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Assembly of People of Kazakhstan proposes dissolving parliament

The Coordinating Council of Russian and Cossack Associations in Kazakhstan requested that President Nazarbayev dissolve the lower house of parliament, allow candidates of ethnic groups in Kazakhstan to stand for election and hold a snap election so that they can compete for representation in parliament next year.

Madi Asanov


ASTANA ― On Nov. 25, the Coordinating Council of Russian and Cossack Associations (CCRCA), part of the Assembly of the People of Kazakhstan (APK) appealed to President Nursultan Nazarbayev to allow candidates of ethnic groups to stand in snap parliamentary elections next year. The APK was established by Nazarbayev in 1995 as an advisory body accountable to him. That would require him to dissolve the lower house of parliament, where every representative is currently a member of the ruling party.

In their appeal, CCRCA leaders who represent 26 percent of the population, suggested that “on the eve of Kazakhstan’s assuming the presidency of the OSCE, the fact that it currently has a one-party parliament may raises doubts about whether the country will honour the international obligations it has assumed.”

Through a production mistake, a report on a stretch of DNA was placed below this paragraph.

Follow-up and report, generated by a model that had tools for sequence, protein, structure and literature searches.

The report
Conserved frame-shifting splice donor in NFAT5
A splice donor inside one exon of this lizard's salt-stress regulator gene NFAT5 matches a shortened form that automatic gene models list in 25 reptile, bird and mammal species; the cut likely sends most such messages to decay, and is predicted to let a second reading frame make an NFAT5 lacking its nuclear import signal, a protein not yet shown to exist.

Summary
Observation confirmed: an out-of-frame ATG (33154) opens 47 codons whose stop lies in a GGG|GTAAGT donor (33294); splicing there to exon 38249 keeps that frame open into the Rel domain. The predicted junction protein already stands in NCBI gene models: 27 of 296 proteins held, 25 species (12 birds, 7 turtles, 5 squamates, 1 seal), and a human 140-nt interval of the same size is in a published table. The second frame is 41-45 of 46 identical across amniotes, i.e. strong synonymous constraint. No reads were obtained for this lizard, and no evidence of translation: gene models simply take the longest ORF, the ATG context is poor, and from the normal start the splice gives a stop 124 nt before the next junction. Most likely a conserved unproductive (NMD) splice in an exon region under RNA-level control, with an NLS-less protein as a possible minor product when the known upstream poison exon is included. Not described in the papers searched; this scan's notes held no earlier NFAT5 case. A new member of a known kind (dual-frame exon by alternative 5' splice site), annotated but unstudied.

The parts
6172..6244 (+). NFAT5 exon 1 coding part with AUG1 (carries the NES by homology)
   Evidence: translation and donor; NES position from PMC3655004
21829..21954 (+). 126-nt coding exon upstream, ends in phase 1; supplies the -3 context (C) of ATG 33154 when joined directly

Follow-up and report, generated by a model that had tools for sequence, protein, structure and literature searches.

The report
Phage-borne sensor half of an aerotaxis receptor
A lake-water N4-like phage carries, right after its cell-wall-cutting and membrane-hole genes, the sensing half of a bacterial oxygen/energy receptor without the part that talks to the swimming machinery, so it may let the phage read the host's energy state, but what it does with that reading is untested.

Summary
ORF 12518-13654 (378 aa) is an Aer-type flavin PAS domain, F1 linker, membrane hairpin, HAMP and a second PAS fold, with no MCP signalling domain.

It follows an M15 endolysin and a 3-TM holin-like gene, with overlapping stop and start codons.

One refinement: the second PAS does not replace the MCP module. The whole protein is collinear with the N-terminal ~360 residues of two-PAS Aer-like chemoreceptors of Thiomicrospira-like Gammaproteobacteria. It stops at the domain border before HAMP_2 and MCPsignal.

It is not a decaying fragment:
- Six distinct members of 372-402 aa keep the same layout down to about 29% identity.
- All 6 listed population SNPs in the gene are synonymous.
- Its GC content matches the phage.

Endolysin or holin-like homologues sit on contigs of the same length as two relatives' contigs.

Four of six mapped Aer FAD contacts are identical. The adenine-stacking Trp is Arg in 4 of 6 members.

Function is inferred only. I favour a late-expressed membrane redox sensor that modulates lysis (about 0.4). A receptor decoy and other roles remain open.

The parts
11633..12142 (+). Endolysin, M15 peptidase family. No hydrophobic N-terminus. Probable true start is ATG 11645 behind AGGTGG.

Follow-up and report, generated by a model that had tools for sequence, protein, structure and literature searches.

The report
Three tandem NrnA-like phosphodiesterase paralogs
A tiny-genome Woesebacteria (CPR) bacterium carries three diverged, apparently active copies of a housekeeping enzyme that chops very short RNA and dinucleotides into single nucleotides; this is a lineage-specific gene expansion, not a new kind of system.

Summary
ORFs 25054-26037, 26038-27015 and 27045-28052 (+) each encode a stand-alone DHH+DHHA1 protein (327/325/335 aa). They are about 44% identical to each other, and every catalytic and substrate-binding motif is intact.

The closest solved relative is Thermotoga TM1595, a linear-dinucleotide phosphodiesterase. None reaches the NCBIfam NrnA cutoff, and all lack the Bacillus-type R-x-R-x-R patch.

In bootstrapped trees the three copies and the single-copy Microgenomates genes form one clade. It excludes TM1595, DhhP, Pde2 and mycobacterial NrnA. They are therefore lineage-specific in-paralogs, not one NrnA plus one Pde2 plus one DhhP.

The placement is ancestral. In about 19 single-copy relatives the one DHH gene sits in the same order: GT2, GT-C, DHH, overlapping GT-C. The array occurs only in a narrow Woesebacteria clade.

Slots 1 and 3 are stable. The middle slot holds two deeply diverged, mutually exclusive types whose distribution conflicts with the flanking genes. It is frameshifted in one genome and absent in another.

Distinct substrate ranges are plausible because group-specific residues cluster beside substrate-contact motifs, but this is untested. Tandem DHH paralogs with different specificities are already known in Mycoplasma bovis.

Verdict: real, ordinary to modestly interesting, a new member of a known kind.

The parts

In addition, alluding to Nazarbayev’s intention to “increase the representation of ethnic communities in Kazakhstan’s legislative bodies,” and the report he presented at the 15th session of the APK, they proposed far-reaching parliamentary reforms. Among them were “amendments to the Majilis electoral system that would grant to the APK… rights equal to those enjoyed by political parties to stand in elections to the Kazakh legislature.” For rapid implementation, they proposed “the dissolution of the Majilis and fresh elections next year.”

Thus far, only the most nationalist organisations have reacted to this proposal by arguing that if ethnic cultural organisations are given the same status as political parties, the result could be inter-ethnic conflict, undermining national security.

Some commentators ventured that the appeal to the president may have been requested by the authorities themselves, in an attempt to create a more representative parliament in the run-up to Kazakhstan’s presidency of the OSCE.

At present, the only party represented in parliament is Nur Otan by President Nursultan Nazarbayev. Nine MPs were appointed directly by the Assembly of the People of Kazakhstan, which is also presided over by the head of state.


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